BHP Billiton delays Australia’s Olympic Dam project expansion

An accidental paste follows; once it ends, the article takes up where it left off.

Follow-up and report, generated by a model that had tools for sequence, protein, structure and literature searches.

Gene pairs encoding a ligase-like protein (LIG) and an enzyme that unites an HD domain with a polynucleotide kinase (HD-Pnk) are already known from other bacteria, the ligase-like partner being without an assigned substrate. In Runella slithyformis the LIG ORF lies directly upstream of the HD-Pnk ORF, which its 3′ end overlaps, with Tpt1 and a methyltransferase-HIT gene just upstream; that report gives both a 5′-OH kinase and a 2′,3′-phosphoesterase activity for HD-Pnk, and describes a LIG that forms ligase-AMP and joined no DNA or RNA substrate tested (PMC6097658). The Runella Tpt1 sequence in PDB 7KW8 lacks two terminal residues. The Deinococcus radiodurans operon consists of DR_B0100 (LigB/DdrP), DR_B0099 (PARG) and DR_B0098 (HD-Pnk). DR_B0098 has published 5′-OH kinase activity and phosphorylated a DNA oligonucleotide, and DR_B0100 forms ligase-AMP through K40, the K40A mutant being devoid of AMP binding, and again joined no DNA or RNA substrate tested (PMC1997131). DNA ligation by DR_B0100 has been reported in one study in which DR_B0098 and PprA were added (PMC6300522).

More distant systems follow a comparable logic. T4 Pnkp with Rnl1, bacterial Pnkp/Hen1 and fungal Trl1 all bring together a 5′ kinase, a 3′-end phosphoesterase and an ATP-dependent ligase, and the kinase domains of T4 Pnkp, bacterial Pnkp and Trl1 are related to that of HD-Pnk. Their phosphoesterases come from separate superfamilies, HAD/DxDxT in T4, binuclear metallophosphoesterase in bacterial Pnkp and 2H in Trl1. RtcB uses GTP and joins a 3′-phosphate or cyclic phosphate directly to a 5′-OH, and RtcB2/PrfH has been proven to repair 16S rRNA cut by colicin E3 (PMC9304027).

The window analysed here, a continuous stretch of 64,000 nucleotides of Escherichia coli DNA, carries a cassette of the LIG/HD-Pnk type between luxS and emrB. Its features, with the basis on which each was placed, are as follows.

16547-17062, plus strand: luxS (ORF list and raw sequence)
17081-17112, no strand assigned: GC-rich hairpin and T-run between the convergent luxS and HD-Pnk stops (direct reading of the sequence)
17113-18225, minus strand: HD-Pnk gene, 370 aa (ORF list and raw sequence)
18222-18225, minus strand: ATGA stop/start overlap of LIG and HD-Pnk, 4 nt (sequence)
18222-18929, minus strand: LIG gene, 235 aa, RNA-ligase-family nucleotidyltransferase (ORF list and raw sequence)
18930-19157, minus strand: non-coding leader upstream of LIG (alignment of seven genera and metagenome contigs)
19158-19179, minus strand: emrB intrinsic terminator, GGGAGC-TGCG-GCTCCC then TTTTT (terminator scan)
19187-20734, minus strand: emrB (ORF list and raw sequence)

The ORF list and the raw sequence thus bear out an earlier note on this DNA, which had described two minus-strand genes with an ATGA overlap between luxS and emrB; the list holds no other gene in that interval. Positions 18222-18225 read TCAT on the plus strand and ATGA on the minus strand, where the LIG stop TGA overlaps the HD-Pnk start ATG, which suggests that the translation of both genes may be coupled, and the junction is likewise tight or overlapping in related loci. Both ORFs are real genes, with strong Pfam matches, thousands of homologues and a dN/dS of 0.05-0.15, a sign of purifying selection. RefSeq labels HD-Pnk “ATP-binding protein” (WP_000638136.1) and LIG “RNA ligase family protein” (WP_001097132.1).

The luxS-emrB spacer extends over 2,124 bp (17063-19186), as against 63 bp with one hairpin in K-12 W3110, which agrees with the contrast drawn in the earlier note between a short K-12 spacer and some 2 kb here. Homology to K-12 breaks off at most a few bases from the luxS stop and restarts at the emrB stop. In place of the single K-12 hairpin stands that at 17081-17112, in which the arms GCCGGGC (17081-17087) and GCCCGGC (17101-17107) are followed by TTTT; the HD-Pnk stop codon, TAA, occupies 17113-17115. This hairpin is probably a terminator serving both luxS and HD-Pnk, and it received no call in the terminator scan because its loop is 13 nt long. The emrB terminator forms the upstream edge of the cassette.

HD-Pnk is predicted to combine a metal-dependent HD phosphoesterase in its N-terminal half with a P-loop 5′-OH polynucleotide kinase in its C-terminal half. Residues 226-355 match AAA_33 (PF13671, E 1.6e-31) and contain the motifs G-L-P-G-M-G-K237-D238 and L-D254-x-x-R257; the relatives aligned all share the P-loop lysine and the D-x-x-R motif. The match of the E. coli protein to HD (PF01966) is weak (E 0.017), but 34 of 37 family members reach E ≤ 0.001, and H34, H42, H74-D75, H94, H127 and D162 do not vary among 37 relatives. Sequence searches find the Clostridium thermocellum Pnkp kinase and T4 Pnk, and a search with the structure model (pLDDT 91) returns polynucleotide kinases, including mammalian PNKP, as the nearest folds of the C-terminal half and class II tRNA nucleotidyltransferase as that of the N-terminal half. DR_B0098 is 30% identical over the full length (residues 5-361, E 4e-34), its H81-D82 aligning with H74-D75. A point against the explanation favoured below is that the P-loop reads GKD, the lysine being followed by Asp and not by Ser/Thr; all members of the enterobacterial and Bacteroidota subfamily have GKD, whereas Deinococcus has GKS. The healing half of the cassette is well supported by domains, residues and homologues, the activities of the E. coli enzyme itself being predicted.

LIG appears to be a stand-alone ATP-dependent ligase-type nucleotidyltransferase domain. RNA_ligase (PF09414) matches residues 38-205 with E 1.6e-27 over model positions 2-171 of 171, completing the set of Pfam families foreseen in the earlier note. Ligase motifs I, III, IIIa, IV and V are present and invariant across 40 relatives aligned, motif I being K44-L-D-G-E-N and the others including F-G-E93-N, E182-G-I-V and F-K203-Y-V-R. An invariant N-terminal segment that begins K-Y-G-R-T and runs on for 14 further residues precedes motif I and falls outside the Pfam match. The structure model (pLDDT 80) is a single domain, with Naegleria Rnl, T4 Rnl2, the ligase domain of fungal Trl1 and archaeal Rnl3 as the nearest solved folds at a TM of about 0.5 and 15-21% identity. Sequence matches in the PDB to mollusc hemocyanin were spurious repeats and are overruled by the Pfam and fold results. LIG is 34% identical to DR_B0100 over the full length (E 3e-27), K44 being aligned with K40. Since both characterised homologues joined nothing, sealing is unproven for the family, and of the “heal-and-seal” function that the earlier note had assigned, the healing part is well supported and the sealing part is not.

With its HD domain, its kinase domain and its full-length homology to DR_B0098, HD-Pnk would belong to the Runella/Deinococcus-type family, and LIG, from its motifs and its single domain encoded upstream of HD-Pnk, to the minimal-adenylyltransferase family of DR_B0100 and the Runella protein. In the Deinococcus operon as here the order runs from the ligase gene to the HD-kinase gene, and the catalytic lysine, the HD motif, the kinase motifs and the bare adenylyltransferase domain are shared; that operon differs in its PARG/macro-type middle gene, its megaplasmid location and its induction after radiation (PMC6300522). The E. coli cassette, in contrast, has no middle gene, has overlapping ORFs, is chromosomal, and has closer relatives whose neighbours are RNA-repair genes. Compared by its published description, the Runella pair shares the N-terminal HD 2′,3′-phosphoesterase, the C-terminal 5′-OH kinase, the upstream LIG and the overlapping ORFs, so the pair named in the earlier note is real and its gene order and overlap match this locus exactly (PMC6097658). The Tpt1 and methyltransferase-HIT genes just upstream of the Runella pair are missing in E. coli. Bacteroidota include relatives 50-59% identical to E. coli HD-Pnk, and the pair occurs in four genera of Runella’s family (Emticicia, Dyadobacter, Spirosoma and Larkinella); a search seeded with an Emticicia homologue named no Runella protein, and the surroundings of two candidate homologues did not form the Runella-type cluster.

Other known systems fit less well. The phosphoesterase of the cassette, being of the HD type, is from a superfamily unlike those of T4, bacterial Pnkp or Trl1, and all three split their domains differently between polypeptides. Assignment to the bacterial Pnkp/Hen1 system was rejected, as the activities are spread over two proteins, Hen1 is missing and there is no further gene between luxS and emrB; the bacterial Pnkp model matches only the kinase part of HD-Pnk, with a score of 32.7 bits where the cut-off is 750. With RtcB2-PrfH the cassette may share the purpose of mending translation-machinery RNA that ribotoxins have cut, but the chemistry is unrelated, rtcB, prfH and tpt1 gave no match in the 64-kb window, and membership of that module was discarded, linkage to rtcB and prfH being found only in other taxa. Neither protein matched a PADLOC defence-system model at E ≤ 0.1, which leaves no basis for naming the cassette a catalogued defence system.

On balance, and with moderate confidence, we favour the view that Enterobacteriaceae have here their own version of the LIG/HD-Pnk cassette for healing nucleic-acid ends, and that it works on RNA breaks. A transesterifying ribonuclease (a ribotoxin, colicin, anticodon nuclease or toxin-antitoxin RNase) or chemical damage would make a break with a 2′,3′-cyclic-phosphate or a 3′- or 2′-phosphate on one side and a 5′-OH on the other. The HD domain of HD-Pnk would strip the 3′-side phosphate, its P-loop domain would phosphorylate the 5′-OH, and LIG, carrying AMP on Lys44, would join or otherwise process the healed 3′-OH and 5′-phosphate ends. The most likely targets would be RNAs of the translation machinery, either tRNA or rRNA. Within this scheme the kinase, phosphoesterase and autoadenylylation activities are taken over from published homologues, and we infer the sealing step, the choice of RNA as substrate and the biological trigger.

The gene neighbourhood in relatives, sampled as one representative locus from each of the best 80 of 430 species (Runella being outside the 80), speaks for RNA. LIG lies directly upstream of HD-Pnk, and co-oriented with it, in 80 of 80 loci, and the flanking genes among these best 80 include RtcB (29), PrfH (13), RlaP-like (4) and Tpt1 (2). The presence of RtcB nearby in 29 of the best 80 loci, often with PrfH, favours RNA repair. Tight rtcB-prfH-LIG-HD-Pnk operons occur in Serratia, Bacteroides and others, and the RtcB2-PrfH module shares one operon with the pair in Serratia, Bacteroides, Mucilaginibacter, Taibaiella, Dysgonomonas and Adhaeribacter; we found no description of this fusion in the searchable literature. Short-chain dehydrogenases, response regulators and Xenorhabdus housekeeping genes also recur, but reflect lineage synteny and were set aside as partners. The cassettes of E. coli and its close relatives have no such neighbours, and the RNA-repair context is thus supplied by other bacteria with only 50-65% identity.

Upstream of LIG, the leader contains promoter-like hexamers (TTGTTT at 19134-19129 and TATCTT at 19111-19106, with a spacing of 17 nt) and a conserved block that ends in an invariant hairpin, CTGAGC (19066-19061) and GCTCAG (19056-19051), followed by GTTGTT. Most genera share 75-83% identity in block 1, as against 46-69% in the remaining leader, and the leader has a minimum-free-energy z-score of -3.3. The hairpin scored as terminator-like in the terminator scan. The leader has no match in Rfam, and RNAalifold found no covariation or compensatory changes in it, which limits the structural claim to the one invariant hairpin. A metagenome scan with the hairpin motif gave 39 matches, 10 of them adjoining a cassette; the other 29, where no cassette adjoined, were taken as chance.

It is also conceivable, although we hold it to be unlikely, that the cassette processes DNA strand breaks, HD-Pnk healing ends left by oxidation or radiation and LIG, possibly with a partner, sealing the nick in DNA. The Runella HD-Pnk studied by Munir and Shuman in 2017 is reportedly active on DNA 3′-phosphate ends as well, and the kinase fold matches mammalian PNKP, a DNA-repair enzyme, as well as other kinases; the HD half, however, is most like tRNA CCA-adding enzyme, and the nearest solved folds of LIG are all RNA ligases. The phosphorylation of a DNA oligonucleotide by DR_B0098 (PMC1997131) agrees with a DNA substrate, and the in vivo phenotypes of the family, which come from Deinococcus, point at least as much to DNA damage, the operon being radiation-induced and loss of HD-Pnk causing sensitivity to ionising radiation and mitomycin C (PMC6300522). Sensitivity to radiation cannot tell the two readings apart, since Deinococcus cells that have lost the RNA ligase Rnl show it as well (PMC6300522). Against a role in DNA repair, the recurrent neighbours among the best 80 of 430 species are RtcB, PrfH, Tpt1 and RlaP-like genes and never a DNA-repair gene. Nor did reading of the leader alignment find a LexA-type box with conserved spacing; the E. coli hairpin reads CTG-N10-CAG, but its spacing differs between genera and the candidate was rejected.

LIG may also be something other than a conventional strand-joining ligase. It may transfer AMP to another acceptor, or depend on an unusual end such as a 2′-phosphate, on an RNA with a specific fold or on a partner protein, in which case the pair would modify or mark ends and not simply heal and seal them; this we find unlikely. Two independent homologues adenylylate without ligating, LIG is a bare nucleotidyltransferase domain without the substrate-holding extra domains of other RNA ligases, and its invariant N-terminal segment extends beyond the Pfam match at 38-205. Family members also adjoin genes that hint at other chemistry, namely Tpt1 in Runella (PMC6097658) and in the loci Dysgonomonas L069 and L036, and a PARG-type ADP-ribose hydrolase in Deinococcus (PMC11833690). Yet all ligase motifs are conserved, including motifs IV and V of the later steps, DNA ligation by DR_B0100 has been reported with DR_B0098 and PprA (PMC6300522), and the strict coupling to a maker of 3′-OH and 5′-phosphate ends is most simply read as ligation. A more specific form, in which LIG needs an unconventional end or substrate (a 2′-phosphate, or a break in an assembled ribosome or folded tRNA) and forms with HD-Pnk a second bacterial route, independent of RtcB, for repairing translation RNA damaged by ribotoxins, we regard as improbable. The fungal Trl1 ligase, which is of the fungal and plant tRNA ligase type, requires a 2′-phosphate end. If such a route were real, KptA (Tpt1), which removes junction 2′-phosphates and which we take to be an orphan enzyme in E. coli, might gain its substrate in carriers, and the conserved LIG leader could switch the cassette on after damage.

SYDNEY — Global miner BHP Billiton Wednesday delayed multibillion dollar expansion plans for its massive Olympic Dam project to improve the economics of what is set to be the world’s largest open pit mine. The announcement comes as the world’s largest miner reported a near 35-percent slump in full-year net profit. Chief executive Marius Kloppers said current market conditions, including subdued commodity prices and higher capital costs, had contributed to the decision to recast plans for the development reportedly worth US$20 billion. “As we finalized all the details of the project … it became clear the right decision … was to continue studies to develop a less capital intensive option to replace the underground mine at Olympic Dam,” Kloppers said. BHP Billiton has proposed creating a massive open mine pit, which will operate alongside its existing underground mine, to deliver more copper and uranium to meet global demand. Kloppers said the long-term copper market remained strong and it would continue to investigate other designs for the huge project. “We want to find the right solution to unlock this resource,” he said. The miner had a deadline of Dec. 15 to approve the expansion, in line with an agreement reached last year with the South Australian state government, but said it would now not meet that date. It said it would discuss its decision with the South Australian government which had hoped the project would create more than 13,000 jobs and contribute AU$45 billion (US$46.9 billion) to the economy over three decades. BHP said its decision would cost it US$242 million after tax in impairment and other charges in the 2012 financial year. BHP’s existing underground mine at Olympic Dam is already Australia’s largest and national Resources Minister Martin Ferguson has said the site had the potential to become one of the world’s largest mines, if not the largest.